Janine Allen

The Incarnation of the Puti (Anthracite, hematite, red and yellow oxide and enamel on board, 220 x 250 cm)

The Incarnation of the Puti (Anthracite, hematite, red and yellow oxide and enamel on board, 220 x 250 cm)

Artist's Statement

The Incarnation of the Puti is a multimedia work that unravels painting processes and the dialectic I perceive in the history of painting. On the one side I see idealistically beautiful and immortalised painted images; on the other hand I see erosive painted images of a primal nature. My interest is in natural paint boxes, making paint and crushing pigment in the ‘Renaissance way’. These applications have become redundant in contemporary painting. I have experienced a withdrawal from the past. Alienation and disembodiment have taken place in the spiritual disembodiment between painter and painting. Incarnation of the Puti evolutionises these processes and visually represents a schizophrenic painting history.

The interactive installation, The Island, is inspired by the UFS/Reitz hostel race discrimination incident that depicted white male students’ discrimination against older black cleaners in a hostel initiation ‘ritual’. The incident has profound implications for most South African universities, as many are now labelled as islands of racism. Its after-effects have caused immense anger amongst UFS students and staff members, including myself. While interviewing Matsepe Tsoai, one of the students that released the video to the media, I became more attentive to the way in which most black South African communities see older women as mothers and the extent of insult this incident has created. With this in mind, I have painted my son Ethan lying possessively, but also helplessly, in the arms of his nanny Liesbeth. The project deals with the complexities associated with historically rooted cross-cultural interactions that surround surrogate mother figure and child, or the slave-master relationship. Phosphor paint, developed by the head of the UFS physics department, Prof Hendrik Swart, has been applied on the top and inside of the painting and on the floor space. This deactivates the studio lights and reveals a spatial image painted in fluorescent, light activating phosphor. Interacting with the image enables a transmutation process between viewer, image and underlying issues, hopefully enabling a sense of restorative justice.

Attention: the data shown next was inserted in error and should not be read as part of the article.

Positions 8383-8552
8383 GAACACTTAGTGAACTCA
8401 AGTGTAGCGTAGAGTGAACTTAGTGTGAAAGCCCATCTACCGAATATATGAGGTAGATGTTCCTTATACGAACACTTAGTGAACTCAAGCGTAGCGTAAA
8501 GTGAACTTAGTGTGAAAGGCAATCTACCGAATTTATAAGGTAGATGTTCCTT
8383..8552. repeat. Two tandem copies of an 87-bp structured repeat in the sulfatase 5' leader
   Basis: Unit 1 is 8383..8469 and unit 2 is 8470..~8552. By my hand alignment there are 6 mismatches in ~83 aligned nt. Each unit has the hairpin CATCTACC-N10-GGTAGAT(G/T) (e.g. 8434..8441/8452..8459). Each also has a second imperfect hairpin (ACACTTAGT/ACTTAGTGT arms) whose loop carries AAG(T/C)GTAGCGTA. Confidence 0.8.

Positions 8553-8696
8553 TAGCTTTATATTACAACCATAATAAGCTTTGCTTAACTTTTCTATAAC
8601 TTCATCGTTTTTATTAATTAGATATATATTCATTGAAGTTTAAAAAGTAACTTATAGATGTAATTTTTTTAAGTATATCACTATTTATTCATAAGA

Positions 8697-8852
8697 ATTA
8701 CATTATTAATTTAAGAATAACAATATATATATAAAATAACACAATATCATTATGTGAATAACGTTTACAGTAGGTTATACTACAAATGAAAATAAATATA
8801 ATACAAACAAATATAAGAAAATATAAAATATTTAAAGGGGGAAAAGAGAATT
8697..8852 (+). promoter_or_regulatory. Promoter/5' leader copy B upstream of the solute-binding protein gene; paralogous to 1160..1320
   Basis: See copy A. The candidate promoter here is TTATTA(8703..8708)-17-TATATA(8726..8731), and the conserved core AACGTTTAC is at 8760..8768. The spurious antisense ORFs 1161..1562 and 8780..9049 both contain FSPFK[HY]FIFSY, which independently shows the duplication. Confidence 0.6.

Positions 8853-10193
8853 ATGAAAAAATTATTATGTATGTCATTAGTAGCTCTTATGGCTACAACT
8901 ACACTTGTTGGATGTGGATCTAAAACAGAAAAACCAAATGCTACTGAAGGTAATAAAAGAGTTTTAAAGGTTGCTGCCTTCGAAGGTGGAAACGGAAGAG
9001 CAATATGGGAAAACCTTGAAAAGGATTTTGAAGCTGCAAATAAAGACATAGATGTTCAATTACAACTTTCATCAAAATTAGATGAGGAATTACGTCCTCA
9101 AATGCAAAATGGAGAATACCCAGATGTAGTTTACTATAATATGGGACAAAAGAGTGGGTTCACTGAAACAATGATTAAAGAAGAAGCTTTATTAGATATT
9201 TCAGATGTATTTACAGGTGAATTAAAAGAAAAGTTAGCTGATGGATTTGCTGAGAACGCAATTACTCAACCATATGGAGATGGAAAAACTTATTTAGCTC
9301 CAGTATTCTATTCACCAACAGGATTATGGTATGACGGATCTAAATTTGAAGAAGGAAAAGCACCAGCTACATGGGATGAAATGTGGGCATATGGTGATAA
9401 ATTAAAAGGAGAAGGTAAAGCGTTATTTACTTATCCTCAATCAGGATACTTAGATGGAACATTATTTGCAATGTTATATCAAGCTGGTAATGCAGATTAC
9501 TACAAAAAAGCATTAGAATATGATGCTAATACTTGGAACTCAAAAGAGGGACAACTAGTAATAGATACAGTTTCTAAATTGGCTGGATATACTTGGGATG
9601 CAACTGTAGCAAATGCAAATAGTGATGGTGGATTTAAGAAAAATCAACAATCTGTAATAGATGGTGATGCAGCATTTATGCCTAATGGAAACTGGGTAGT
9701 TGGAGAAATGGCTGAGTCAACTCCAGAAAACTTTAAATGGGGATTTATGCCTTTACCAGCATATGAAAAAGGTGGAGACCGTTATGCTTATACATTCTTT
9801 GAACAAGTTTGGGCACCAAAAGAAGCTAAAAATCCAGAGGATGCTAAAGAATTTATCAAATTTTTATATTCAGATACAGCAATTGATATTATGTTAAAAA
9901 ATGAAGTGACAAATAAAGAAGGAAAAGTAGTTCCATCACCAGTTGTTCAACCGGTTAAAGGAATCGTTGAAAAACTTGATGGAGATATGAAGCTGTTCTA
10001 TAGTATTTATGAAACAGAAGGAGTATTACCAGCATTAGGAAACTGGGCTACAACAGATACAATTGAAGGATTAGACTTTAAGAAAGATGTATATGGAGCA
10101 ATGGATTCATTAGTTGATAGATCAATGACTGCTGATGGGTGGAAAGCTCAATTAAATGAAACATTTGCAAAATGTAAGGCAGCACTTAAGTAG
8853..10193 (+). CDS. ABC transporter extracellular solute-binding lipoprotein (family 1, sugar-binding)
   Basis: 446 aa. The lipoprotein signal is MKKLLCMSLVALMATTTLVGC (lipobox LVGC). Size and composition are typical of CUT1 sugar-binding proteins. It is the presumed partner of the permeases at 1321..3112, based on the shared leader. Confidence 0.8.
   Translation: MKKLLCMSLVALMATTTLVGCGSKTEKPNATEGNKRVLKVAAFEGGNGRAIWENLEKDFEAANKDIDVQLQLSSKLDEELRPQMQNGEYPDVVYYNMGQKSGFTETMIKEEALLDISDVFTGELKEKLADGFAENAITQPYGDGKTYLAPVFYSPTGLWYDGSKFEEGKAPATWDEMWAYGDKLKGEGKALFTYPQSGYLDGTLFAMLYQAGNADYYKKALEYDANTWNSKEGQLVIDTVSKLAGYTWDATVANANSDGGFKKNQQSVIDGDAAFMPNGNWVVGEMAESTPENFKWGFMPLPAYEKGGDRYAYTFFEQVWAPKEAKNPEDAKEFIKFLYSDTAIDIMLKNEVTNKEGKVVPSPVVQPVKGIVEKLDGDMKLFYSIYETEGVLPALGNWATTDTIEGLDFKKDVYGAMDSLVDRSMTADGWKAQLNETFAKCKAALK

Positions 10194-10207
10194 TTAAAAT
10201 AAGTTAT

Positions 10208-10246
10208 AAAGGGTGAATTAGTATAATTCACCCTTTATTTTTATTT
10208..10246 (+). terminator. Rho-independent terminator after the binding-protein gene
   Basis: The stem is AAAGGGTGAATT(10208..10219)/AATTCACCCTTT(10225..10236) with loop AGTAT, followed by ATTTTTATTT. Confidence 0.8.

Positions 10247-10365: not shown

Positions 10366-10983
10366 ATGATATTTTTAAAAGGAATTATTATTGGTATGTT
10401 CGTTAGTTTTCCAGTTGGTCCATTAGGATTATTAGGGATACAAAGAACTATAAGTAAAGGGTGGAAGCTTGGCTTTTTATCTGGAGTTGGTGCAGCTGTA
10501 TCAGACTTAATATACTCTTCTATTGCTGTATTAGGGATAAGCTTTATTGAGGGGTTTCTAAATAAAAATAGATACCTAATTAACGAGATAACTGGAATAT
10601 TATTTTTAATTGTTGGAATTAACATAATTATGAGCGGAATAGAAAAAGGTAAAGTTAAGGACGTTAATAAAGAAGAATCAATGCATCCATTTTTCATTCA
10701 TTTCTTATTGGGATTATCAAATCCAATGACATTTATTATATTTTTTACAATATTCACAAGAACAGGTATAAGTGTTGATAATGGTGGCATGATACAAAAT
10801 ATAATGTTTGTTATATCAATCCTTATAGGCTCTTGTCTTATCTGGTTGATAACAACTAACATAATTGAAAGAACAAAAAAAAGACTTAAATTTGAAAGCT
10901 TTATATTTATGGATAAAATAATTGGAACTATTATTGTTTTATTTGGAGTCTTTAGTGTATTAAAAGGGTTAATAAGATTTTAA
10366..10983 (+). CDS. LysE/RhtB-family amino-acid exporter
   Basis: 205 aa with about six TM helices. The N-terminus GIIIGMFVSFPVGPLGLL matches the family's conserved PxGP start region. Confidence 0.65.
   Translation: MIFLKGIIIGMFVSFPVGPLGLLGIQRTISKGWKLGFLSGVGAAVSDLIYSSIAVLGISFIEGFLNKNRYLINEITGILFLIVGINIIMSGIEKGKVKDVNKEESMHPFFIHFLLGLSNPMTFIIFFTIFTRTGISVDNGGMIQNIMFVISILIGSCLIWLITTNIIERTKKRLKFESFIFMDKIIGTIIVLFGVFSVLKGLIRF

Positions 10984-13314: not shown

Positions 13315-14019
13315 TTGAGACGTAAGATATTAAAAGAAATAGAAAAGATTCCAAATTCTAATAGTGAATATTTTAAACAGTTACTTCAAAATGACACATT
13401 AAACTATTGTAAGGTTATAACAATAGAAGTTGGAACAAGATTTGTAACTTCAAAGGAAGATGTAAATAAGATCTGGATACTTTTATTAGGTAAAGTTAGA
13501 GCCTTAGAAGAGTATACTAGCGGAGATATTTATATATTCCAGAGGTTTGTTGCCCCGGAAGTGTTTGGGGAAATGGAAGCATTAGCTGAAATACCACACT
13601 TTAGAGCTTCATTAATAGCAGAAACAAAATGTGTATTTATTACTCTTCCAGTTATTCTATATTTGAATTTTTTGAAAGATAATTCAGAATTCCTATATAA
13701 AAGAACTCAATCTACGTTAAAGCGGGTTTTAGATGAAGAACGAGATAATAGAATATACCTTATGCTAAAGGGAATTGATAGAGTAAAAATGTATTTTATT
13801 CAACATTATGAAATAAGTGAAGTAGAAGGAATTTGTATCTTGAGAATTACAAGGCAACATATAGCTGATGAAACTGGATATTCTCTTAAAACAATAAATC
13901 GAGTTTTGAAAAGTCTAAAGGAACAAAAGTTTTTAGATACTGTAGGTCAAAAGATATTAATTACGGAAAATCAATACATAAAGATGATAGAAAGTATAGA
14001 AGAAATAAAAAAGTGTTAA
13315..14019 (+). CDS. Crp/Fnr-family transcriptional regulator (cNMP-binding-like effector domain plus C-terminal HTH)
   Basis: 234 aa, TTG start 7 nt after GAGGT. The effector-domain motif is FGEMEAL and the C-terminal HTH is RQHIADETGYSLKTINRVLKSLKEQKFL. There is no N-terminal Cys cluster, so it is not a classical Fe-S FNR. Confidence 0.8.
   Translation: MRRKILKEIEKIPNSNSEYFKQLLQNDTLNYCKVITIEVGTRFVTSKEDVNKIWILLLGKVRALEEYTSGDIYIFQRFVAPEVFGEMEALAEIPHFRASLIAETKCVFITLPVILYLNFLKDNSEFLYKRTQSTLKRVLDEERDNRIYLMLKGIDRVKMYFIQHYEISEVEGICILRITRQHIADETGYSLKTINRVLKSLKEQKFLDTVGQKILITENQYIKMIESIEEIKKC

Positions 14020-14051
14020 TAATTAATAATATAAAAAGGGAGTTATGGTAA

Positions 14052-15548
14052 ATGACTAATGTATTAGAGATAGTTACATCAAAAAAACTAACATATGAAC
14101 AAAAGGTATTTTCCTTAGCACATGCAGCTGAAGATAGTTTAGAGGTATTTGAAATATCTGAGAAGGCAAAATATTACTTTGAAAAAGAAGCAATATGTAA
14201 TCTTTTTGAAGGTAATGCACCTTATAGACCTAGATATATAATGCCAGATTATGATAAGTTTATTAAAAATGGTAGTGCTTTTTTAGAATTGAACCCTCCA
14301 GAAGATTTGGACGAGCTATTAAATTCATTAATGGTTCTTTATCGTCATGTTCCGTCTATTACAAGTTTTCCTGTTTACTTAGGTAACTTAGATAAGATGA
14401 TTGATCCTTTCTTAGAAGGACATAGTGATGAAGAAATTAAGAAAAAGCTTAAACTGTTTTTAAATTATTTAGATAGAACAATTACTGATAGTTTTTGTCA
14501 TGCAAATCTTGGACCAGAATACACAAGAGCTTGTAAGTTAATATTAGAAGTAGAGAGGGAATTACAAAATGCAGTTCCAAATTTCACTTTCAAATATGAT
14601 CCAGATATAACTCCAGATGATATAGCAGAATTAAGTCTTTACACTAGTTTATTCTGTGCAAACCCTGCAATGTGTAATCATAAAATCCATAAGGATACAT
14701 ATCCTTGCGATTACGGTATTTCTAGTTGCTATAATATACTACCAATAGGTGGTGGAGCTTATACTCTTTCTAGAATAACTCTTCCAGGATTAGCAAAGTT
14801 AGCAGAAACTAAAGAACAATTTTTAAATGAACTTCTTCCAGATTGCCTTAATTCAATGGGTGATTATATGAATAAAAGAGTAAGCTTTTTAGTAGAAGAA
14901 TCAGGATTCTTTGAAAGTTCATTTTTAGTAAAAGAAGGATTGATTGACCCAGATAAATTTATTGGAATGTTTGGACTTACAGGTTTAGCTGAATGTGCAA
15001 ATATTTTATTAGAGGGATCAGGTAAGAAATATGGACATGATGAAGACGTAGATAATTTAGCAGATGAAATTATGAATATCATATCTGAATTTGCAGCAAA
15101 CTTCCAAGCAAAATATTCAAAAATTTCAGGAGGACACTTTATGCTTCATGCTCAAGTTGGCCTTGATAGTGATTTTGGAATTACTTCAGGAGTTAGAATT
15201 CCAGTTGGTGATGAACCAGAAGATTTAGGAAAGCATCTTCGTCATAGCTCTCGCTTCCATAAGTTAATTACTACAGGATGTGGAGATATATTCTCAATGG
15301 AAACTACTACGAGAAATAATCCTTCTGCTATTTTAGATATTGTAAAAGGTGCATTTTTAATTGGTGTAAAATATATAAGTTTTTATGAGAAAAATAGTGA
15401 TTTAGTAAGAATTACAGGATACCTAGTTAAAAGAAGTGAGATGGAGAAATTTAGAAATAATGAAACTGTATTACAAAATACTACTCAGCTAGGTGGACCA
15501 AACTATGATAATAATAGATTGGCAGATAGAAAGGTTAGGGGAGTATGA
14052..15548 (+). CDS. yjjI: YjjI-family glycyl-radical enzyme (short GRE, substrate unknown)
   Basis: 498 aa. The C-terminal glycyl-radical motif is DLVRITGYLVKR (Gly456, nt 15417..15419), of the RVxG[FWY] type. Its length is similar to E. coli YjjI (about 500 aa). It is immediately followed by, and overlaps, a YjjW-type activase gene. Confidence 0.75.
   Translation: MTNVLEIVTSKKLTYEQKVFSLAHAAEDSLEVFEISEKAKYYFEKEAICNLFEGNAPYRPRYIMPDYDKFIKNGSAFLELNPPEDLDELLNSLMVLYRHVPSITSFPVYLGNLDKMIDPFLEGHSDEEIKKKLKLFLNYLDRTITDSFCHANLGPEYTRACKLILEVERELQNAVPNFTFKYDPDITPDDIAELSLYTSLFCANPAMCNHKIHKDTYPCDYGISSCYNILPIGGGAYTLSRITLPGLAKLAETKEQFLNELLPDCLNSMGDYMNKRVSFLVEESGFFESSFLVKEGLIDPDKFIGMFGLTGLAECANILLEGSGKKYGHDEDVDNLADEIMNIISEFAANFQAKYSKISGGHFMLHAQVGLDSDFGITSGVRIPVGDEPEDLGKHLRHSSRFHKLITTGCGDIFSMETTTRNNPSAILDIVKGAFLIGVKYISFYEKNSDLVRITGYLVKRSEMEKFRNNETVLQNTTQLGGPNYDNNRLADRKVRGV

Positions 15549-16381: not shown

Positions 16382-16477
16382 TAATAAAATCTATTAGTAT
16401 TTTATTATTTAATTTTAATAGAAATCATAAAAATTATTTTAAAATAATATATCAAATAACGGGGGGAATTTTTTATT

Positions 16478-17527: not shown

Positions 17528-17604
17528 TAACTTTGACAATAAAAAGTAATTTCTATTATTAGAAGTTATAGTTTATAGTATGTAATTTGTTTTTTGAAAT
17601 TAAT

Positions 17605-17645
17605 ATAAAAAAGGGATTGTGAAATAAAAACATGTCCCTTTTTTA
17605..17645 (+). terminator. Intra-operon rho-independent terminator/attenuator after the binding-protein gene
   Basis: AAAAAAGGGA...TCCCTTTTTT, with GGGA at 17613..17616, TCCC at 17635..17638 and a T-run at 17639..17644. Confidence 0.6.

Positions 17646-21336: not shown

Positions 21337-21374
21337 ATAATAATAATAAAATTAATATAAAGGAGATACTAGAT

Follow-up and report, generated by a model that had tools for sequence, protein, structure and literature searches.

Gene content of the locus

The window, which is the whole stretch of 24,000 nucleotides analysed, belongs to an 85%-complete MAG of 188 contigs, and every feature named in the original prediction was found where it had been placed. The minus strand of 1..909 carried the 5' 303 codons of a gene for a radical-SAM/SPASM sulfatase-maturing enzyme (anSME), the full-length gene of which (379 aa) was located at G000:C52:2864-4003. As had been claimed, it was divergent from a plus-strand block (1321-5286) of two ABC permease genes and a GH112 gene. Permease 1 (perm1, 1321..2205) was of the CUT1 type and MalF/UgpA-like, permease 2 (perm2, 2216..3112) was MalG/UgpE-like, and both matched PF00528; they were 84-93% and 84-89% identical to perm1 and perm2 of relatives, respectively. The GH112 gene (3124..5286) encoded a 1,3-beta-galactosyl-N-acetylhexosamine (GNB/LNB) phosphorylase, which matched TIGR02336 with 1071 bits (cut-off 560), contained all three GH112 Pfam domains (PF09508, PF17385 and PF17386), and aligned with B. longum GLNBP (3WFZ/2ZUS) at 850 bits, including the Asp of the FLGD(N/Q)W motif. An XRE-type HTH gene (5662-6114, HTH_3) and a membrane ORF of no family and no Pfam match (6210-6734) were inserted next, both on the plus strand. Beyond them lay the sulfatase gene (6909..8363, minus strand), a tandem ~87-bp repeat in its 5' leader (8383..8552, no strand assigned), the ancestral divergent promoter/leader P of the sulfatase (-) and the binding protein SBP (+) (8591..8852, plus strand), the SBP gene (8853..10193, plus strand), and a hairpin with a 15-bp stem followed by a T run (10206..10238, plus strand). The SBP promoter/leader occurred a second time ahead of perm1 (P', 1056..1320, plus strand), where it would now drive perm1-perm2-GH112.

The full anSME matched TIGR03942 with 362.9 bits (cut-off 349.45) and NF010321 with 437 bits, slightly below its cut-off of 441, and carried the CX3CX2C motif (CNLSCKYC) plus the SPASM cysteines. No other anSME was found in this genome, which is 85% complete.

Artist's Biography

Born: Port Elizabeth, 1971. Lives and works in Bloemfontein. Received her MFA from the University of the Free State. Major exhibitions: ABSA Gallery, Johannesburg; Ostrobithnian Museum, Vaasa, Finland; KZNSA Gallery, Durban. Awards and scholarships: UNESCO Aschberg Residency, Sacatar Foundation.